Why Gene Patents Are Unlawful

(Originally posted on ACSBlog.)

Last week the ACLU and the Public Patent Foundation filed a lawsuit challenging the U.S. government's practice of granting patents on human genes - specifically, the BRCA1 and BRCA2 genes, which are associated with breast and ovarian cancer. In the last 20 or so years the U.S. Patent and Trademark Office (PTO) has issued patents on thousands of human genes — the segments of DNA that we all have in our cells — giving private corporations, individuals, and universities the exclusive rights to those genetic sequences and their usage.

The patents on the BRCA genes are particularly broad and offensive. The PTO has granted Myriad Genetics, a private biotechnology company based in Utah, patents on both the BRCA1 and BRCA2 genetic sequences, on any mutations along those genes, on any methods for locating mutations on the genes, without further specification on the type of methods, and on correlations between genetic mutations and susceptibility to breast and ovarian cancer.

The lawsuit charges, as critics of gene patents have argued for years, that gene patents stifle biomedical research and interfere with patients' access to genetic testing. The lawsuit argues that the patents on the BRCA genes are unconstitutional and invalid given the long-standing legal precedent that "products of nature" and "laws of nature" are not patentable. The suit also makes the novel argument that the practice of patenting genes, their correlations with disease, and the thought of comparing two genes violates the First Amendment and interferes with scientific freedom.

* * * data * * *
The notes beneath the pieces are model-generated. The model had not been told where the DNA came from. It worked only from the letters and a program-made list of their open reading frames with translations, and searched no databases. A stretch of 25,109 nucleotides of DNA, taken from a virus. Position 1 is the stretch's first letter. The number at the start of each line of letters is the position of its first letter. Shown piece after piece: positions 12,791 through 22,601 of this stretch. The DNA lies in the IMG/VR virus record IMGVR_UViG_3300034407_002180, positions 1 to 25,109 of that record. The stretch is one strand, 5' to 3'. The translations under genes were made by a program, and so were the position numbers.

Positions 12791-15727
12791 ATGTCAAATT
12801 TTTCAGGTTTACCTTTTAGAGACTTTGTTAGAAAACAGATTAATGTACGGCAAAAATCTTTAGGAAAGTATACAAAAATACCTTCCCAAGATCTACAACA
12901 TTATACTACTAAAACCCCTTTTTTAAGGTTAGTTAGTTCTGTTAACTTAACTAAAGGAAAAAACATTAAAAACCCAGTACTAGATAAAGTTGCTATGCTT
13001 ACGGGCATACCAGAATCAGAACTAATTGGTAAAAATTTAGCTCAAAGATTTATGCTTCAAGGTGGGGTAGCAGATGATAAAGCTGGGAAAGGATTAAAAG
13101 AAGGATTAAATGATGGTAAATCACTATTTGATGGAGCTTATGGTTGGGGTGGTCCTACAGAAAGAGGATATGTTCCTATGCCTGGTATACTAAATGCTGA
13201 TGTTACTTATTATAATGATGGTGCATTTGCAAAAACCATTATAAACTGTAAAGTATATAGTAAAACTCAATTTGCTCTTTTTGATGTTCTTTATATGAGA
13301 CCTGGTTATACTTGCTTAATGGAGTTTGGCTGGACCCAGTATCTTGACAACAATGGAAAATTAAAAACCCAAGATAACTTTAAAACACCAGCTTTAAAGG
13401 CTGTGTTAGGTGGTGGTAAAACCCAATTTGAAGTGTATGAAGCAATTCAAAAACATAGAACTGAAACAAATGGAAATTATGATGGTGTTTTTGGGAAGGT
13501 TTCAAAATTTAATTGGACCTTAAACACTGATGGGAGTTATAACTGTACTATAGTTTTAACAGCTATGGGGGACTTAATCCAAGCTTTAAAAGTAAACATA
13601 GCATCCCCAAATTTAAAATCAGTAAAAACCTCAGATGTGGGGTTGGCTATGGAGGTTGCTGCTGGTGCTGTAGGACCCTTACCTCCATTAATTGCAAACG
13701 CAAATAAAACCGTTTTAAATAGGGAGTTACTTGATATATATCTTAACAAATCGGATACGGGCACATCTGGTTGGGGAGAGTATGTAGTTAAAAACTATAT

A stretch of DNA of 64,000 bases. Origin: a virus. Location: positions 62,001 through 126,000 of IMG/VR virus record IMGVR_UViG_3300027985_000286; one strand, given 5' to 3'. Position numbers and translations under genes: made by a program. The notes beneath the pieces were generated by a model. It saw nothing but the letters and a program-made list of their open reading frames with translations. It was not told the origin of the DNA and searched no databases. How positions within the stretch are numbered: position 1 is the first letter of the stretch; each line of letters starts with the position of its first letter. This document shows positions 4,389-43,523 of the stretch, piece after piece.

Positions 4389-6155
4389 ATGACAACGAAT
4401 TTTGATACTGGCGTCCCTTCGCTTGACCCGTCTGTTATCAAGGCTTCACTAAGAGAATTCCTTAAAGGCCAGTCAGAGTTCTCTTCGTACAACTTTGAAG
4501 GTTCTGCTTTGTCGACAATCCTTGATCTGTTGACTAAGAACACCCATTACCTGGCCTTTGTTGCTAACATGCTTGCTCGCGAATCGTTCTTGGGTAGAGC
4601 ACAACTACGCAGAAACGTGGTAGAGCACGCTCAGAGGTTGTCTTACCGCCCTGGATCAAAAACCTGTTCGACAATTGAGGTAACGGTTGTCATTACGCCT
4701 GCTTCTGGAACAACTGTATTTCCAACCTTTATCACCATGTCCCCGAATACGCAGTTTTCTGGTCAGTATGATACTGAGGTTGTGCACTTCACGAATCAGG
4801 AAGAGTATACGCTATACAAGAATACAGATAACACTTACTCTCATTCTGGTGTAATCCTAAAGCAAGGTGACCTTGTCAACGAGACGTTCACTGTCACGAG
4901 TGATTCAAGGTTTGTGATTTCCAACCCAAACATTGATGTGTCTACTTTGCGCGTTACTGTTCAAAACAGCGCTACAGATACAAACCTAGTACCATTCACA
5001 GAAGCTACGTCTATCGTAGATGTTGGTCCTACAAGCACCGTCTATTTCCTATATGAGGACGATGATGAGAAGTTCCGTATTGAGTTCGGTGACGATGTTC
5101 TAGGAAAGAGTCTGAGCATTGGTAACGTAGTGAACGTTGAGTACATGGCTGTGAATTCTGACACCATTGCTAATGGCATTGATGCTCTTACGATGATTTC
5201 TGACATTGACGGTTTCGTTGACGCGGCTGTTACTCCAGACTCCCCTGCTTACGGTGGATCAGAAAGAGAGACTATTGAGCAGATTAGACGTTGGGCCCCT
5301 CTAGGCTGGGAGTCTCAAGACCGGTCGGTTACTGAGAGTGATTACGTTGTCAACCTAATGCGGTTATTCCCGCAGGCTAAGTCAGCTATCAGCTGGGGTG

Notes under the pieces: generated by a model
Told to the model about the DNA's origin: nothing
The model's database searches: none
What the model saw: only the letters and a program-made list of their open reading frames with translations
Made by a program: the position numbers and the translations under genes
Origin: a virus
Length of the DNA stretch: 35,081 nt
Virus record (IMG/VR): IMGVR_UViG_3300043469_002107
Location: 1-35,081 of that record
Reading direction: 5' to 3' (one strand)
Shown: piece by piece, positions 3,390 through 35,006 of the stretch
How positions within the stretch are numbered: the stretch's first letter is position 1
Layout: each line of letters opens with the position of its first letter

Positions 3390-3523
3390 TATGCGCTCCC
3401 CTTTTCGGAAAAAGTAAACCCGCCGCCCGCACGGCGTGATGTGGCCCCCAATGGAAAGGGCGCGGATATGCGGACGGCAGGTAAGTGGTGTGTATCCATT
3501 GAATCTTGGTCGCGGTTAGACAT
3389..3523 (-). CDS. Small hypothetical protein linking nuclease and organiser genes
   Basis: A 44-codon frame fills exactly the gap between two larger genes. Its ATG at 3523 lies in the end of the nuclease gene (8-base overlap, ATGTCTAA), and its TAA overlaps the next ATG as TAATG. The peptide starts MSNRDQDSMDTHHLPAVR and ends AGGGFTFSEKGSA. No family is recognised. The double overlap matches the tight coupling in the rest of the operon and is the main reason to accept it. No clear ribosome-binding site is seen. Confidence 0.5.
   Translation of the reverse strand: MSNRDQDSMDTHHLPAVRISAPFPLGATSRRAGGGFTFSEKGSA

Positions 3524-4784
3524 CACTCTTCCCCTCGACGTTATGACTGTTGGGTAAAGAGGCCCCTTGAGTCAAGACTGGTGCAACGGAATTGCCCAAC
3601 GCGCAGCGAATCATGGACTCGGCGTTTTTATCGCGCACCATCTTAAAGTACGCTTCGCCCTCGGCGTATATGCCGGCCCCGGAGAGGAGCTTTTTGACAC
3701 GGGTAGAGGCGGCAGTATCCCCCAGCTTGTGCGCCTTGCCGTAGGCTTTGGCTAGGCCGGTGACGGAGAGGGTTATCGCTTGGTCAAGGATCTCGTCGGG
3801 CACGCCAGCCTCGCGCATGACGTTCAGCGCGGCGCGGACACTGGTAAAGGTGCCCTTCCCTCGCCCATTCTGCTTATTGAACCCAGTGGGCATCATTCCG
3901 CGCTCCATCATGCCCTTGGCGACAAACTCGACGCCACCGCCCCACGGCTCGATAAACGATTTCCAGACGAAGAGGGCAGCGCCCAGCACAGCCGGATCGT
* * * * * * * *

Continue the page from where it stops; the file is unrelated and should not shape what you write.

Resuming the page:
To be clear, the patent claims being challenged do in fact include claims on the genes themselves. For example, the text of Patent 5,747,282, Claim 1 reads:

What is claimed is:

1. An isolated DNA coding for a BRCA1 polypeptide, said polypeptide having the amino acid sequence set forth in SEQ ID NO:2.

Translation: Claim 1 covers the BRCA1 genetic sequence, specifically the wild-type, or what is considered typical, sequence. Because the PTO grants patents on the genes themselves, it essentially gives patent holders a monopoly over the patented genes and all of the information contained within them. Anyone who uses a patented gene without permission of the patent holder is committing patent infringement and can be sued by the patent holder. Thus patent holders have the right to prevent other researchers from testing, studying or even looking at the genes. If the PTO simply granted patents on particular methods of examining and testing genes, then other scientists and laboratories could develop alternative methods, and research and testing could advance at a much faster pace. This lawsuit is not challenging any patent claims over specific genetic tests.

This suit is the first to challenge the patentability of human genes in the United States. The PTO has justified these patents by holding that "DNA compounds having naturally occurring sequences are eligible for patenting when isolated from their natural state and purified." Yet, "isolated and purified" simply means that the gene has been excised from the natural chromosome; it otherwise has not been engineered or transformed.